is not trivial at all. A simple easy term e, being easy, can obviously be equated to an arbitrary fixed point combinator Y. This could be useful in view of identifying [[e]] with


, provided that there exists a fixed point combinator ˜Y such that [[ ˜Y]]5 represents


in each filter model F5. In fact, if there were such a ˜Y, then it would be possible to find a filter model F50 such that [[ ˜Y]]50 = [[e]]50, following the technique of Alessi and Lusin [4]. Therefore we would obtain H50([[e]]50) =


. Unfortunately, such a ˜Y does not exist. In fact, con- sider the filter model FP ark isomorphic to the Park λ-model DP ark of λ-calculus (see Honsell and Ronchi [14]). As proven in [14], for all closed λ-terms t, [[t]]P ark is above a certain compact element c different from the bottom element. In partic- ular, for all fixed point combinators Y, [[YI]]P arkis above c, where I is the identity combinator. Since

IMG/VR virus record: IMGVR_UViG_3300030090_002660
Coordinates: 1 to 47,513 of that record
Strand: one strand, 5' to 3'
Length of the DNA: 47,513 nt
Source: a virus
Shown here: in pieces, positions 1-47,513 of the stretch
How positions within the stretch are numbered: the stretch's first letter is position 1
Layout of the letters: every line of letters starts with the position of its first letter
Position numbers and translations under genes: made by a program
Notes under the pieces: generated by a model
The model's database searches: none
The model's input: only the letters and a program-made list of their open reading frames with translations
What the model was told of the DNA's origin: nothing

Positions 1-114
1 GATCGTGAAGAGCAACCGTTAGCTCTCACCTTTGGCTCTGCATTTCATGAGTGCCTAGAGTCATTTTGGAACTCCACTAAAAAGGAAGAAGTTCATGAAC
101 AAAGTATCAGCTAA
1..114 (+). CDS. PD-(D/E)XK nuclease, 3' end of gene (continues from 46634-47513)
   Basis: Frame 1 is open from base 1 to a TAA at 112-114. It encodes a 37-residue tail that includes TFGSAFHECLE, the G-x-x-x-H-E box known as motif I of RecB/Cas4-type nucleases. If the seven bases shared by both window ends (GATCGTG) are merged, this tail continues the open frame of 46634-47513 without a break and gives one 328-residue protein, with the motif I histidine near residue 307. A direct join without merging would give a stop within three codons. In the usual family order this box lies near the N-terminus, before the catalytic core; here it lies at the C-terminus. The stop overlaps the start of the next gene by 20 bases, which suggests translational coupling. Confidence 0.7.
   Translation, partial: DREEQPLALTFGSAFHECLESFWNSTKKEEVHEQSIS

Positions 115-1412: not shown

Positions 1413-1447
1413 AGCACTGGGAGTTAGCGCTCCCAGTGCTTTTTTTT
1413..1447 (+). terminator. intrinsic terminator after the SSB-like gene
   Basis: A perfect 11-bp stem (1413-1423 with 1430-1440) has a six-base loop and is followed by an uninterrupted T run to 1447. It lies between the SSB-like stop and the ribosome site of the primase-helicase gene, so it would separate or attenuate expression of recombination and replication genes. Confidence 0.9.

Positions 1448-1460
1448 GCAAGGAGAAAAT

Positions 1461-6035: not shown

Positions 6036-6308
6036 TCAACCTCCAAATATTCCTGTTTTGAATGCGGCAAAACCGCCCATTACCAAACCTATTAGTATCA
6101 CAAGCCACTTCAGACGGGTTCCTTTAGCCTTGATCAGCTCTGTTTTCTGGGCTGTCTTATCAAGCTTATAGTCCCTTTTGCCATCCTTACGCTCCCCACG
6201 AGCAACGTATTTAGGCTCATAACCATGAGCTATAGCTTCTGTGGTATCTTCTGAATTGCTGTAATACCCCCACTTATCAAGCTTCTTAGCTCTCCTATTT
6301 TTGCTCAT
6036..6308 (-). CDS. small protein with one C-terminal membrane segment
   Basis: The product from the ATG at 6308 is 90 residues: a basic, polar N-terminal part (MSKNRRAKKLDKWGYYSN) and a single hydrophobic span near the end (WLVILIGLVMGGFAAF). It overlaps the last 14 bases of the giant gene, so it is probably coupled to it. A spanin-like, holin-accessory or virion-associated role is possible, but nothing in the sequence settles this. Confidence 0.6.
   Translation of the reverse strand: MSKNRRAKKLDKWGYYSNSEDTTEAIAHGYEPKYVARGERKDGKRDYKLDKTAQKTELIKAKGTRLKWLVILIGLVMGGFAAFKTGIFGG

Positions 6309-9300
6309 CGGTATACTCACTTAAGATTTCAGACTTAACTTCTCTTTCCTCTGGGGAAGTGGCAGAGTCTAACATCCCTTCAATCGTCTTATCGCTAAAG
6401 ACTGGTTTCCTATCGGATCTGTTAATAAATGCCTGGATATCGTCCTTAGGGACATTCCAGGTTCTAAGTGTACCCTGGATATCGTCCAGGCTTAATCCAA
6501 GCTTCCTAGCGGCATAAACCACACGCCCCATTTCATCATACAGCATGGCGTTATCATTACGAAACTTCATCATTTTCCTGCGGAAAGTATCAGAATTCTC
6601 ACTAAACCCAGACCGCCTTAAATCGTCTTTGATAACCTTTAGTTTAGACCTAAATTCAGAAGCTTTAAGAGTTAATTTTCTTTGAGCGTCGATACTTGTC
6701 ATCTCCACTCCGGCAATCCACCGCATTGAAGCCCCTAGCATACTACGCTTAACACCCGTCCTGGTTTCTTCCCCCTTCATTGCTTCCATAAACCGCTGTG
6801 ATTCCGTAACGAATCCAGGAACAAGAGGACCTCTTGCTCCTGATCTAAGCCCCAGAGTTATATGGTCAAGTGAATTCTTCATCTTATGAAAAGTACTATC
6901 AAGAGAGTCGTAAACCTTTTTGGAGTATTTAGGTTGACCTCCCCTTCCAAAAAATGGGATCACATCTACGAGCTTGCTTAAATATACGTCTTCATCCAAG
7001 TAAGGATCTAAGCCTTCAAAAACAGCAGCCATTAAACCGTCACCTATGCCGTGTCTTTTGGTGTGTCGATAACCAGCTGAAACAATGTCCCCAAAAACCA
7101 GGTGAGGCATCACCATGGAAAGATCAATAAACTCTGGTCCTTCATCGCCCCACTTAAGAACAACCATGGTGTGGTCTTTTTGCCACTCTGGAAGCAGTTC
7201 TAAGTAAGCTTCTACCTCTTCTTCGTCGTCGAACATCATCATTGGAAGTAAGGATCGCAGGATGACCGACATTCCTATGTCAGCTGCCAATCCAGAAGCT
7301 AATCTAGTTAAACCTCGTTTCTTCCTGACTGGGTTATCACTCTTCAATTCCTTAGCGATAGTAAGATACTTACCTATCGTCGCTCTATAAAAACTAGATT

(λλX.X) is obviously the bottom element, we have that it is not possible that HP ark([[Y]]P ark) represents


, since

HP ark([[Y]]P ark)(λλX.X) = (FP ark([[Y]]P ark) ◦ GP ark)(λλX.X)

= FP ark([[Y]]P ark)(GP ark(λλX.X))

= [[Y]]P ark· [[I]]P ark

= [[YI]]P ark w c

where we have used the fact that [[I]]5 = G5(λλX.X) for all Σ5.